Hart wondered if that had been before or after what had happened near Xarantine, but he didn’t ask.
“Your chief Science Officer has agreed to fill the opening on the Libertus, as has most of your bridge crew. We had a bit of difficulty accommodating people actually. Most want to go with you. Another sign of a good Captain.” The Admiral’s crow’s feet smiled at Hart.
It took a second for it to register.
“Sounds like alot of senior staff. Can I ask...?”
Quinn’s eyes went dim for a moment. “Away team never came back. Another party including their Science Officer went down and tried to fight for the bodies. There was almost a third mission before they came home. Turns out it works both ways, Dan. Sometimes a crew take the loss of a Captain personally too.”
Hart sighed. He knew what they must be feeling. Bailey and Schwik had been good friends of his back when he’d served aboard the Libertus. He wondered who else had gone down. Garrik probably. She’d not have left without her Captain.
“Can I count on you, Hart? Or do you still want to leave?”
Hart snorted. Like he had a choice now.
“I can see why you’re in charge around here, Admiral.”
Quinn smiled briefly, then moved to stand, grabbing two more folios as he did so, passing them to Hart as soon as soon as he was also on his feet.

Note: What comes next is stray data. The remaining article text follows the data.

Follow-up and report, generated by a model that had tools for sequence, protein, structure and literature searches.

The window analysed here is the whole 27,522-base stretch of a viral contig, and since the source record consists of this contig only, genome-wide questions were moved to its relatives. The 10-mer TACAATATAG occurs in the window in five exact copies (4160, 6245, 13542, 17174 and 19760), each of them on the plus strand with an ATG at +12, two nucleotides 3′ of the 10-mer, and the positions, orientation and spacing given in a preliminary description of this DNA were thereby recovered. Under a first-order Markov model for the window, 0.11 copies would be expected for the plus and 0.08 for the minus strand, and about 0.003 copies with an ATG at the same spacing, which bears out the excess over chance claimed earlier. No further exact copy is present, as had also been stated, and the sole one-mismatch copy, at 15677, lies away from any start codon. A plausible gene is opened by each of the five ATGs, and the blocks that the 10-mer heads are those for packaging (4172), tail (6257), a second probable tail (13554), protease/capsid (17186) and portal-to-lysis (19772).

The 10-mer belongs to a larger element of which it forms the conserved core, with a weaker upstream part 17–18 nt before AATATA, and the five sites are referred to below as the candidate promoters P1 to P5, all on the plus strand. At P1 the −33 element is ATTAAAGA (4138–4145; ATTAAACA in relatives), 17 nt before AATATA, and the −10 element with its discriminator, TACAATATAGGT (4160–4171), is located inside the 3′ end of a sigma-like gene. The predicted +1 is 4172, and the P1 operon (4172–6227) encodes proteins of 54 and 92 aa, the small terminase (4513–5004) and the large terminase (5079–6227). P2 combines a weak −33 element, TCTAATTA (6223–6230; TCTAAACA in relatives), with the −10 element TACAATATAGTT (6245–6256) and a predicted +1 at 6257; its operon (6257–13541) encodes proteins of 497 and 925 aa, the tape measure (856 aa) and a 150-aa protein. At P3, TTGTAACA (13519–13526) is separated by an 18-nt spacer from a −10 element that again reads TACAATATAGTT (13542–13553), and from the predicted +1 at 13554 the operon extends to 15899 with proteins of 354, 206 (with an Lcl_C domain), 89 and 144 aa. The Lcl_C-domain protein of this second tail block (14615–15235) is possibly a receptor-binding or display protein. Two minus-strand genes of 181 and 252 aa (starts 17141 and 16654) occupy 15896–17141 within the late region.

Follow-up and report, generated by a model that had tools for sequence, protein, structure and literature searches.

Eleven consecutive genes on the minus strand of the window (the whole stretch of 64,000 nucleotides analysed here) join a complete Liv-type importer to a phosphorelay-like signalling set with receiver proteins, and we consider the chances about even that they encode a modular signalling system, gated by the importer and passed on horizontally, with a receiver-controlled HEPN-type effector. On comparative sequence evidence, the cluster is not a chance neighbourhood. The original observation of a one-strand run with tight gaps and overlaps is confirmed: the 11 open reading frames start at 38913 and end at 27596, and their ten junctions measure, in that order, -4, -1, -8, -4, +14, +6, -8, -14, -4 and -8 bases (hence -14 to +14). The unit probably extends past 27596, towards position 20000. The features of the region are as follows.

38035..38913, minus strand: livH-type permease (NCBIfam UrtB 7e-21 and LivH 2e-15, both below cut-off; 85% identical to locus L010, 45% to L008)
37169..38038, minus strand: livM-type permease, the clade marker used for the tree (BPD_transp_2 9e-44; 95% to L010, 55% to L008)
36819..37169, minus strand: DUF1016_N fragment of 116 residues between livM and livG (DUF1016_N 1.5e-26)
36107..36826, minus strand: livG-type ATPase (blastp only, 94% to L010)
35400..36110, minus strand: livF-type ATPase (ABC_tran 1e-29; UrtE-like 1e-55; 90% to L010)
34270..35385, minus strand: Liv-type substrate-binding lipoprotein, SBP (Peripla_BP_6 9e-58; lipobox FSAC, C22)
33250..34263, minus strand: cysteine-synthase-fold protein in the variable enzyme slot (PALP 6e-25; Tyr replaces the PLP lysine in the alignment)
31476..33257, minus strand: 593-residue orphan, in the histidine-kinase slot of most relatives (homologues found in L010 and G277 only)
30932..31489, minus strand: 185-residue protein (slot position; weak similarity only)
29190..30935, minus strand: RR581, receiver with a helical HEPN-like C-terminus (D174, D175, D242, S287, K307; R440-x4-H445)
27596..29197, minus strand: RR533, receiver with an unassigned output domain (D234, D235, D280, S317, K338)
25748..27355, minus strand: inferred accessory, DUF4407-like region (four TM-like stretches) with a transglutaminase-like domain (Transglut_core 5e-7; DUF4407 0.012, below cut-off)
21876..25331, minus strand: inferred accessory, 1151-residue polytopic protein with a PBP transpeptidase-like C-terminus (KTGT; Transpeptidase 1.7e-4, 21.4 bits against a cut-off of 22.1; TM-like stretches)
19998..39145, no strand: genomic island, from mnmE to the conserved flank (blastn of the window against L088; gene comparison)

“What have we here?” the Captain asked, flicking the first open.
“You’ve got a new crew member for you. Field appointment who requested assignment.”
Hart received another surprise as he glanced over the statistics in front of him.
“I believe that’s what everyone’s calling her, yes. She’s been having a bit of trouble getting along in the academy, so we decided to put her out in the field. Too much of an asset to us at this stage of the game not too, though I’d not let her know we said that. Got something of a ticket on herself already, which is half her classmates trouble.”
Hart smiled to himself, remembering the Borg they’d tried liberating a year ago.
“She asked for you by name, Hart. You must have made an impression.”
“Seems that way, yes.” He closed the folder and slipped both of them under his arm. “What’s the other?”
“Details on the fleet we’re sending you to. Designation is The Consortium, under the command of a Tymme Hunt. Give it a look over and then contact her as soon as you can. I’ll leave it to you both to work out the specifics, but I’ll let you each individually know Starfleet’s plans for you when I have them.”
Hart nodded, then put out his hand. Quinn took it, this time feeling the firmness in Hart’s grip.
“My thanks, Admiral. Most sincerely. I...”
“You’re most welcome, Captain. Now get out there and show ‘em why you’re exactly what Starfleet wants in command.”
Hart saluted crisply before he exited.